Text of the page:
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Old 31st Dec 2017, 20:31   #21 (permalink)
 
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It has happened before (2), although as I recall the Robbie bashing ppruners were cheering for the airplane that time.
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Old 31st Dec 2017, 22:00   #22 (permalink)
 
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Isnt that the one where that discredited female round the world pilot ran into it?
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Old 1st Jan 2018, 01:52   #23 (permalink)
 
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Isn't that the one where that discredited female round the world pilot ran into it?
Sure is.

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Old 1st Jan 2018, 01:58   #24 (permalink)


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She could have done a better job of it, there is still another 2/3rd's of that R-whatever-it-is that needs a bit of a touch-up.
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Old 1st Jan 2018, 10:17   #25 (permalink)
 
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Back to the main thread....this accident is at Inaers main base at Mutchamaxel outside Alicante and appears to be on rough ground away from the hard standing apron and at the east end of the field beyond the hard runway I have never seen the helicopters touch down in that area which suggests the 412 was at least hover taxiing at the time.
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Old 1st Jan 2018, 14:01   #26 (permalink)
 
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In the FWIW and total conjecture departments: perhaps the collision only destroyed the the tail rotor and empennage, and perhaps the main rotors were damaged by contact with the ground. No doubt any landing with that kind of damage to the tail must have been in the "exciting" category, and it would not be unreasonable that the helicopter touched down spinning in an un-level attitude, thereby allowing substantial main rotor contact with the ground.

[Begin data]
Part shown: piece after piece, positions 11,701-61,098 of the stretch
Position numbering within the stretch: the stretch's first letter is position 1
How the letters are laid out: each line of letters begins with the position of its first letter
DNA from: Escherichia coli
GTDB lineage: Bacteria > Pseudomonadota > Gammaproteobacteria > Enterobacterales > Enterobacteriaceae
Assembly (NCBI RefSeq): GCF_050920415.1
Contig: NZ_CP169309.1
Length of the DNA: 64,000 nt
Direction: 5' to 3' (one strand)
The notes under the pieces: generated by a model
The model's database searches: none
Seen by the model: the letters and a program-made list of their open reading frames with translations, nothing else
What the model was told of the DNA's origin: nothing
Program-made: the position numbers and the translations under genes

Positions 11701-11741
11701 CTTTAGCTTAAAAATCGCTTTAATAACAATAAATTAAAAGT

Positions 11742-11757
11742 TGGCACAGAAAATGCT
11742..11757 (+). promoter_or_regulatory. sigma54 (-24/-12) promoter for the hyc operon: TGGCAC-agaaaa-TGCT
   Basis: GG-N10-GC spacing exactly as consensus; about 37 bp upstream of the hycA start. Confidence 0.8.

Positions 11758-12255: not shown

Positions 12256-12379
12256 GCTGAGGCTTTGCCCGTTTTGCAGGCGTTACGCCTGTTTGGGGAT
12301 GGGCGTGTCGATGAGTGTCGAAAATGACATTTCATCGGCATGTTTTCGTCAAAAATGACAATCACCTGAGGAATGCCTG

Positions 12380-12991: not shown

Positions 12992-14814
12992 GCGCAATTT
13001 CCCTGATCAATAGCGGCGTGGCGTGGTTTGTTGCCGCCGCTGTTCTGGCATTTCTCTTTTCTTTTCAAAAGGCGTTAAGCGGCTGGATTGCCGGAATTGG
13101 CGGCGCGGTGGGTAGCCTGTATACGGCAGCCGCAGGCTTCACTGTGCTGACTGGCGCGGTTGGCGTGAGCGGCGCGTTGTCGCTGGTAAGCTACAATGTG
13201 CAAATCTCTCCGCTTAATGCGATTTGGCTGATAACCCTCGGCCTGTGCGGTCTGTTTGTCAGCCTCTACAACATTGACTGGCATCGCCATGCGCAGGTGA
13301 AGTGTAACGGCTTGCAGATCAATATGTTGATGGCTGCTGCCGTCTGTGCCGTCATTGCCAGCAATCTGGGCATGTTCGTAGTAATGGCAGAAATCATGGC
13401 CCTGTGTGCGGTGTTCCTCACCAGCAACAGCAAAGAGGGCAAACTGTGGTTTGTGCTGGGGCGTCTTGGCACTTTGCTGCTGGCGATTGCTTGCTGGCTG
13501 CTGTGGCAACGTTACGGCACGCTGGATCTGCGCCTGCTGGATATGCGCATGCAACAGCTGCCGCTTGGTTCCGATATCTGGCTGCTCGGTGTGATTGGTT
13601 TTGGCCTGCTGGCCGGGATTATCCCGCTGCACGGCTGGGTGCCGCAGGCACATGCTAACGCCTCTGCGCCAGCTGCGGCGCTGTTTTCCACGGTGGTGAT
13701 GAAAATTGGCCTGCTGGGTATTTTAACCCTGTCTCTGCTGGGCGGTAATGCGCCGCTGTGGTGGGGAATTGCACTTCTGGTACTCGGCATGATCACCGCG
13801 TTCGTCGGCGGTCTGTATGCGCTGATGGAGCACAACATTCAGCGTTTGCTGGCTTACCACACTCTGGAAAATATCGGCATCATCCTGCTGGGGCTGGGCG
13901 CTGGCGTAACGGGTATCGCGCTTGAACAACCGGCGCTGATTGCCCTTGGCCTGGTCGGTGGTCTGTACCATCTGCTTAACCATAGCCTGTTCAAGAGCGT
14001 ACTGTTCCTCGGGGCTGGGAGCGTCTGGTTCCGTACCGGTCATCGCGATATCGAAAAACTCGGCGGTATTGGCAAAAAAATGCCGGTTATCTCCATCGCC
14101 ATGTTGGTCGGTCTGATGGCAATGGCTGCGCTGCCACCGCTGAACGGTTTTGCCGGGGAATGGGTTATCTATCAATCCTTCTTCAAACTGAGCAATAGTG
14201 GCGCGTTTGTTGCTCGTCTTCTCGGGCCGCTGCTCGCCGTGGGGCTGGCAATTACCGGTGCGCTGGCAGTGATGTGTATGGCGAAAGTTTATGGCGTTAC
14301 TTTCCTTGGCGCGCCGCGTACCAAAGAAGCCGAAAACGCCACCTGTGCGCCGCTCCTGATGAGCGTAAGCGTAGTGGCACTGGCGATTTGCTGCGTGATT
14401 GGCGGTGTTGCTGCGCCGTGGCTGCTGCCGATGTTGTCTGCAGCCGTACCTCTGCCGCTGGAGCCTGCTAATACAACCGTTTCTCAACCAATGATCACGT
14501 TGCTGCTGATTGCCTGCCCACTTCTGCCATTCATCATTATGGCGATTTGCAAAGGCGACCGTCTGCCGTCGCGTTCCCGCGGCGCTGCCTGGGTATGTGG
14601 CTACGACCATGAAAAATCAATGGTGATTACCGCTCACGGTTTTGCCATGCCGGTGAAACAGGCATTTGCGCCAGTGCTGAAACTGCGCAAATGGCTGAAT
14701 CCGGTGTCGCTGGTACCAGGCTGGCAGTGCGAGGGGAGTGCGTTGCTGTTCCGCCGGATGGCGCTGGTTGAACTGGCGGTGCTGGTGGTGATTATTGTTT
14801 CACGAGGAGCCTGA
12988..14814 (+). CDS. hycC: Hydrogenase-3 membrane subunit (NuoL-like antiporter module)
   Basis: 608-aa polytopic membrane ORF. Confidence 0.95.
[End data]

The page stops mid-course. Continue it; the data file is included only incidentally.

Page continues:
However it happened, good luck and good flying on the part of the helicopter crew, certainly!
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Old 1st Jan 2018, 16:38   #27 (permalink)
 
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To the comments on 212 vs 412. ( flown a 212, never flown a 412 ). Teetering 2 blade main rotor vs a soft in-plane 4 blade rigid rotor.

With the TR and its gearbox laying on the ground, the aircraft CG has to shift forward, and the additional head moment available on the 412 has to be a huge benefit from that single point of view. Not the only factor, of course.
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Old 2nd Jan 2018, 15:12   #28 (permalink)
 
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412 Head Moment

Ref John Dixson;


Great observation and I agree. (Probably indicates low height hover for the 412 which would also mean one would require the quick control response from large head moment) Also; MR blades from the 412 look like more damage than ground contact. Ground wouldn't cause damage to all four MR blades from mid-span to tip (in my estimation) Just some thoughts. Otter

Last edited by Otterotor; 2nd Jan 2018 at 15:13. Reason: Name Correction
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Old 2nd Jan 2018, 17:44   #29 (permalink)
 
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As I posted in thread 16 in the Spanish newspaper article they say or infer they hit at 10 metres high , " the robustness of the helicopter allowed it to land "
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Old 2nd Jan 2018, 19:13   #30 (permalink)
 
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001, if the situation began at 10 meters, one would have to say the crew did very well indeed. The landing was flat, spread the skids just a little, did not apparently bend the tail boom, and the main rotorhead/transmission were not displaced forward*. Thus: not really hard.The swerve made by the skids indicated a landing with power, which, given they had lost a good deal of available rotor lift due to rotor impact damage was a far better alternative than chopping the throttles in response to the yaw that had to have taken place when the TR left the ship. Yes, perhaps that was instinct on their part, but all I’m noting is that they didn’t make any bad moves.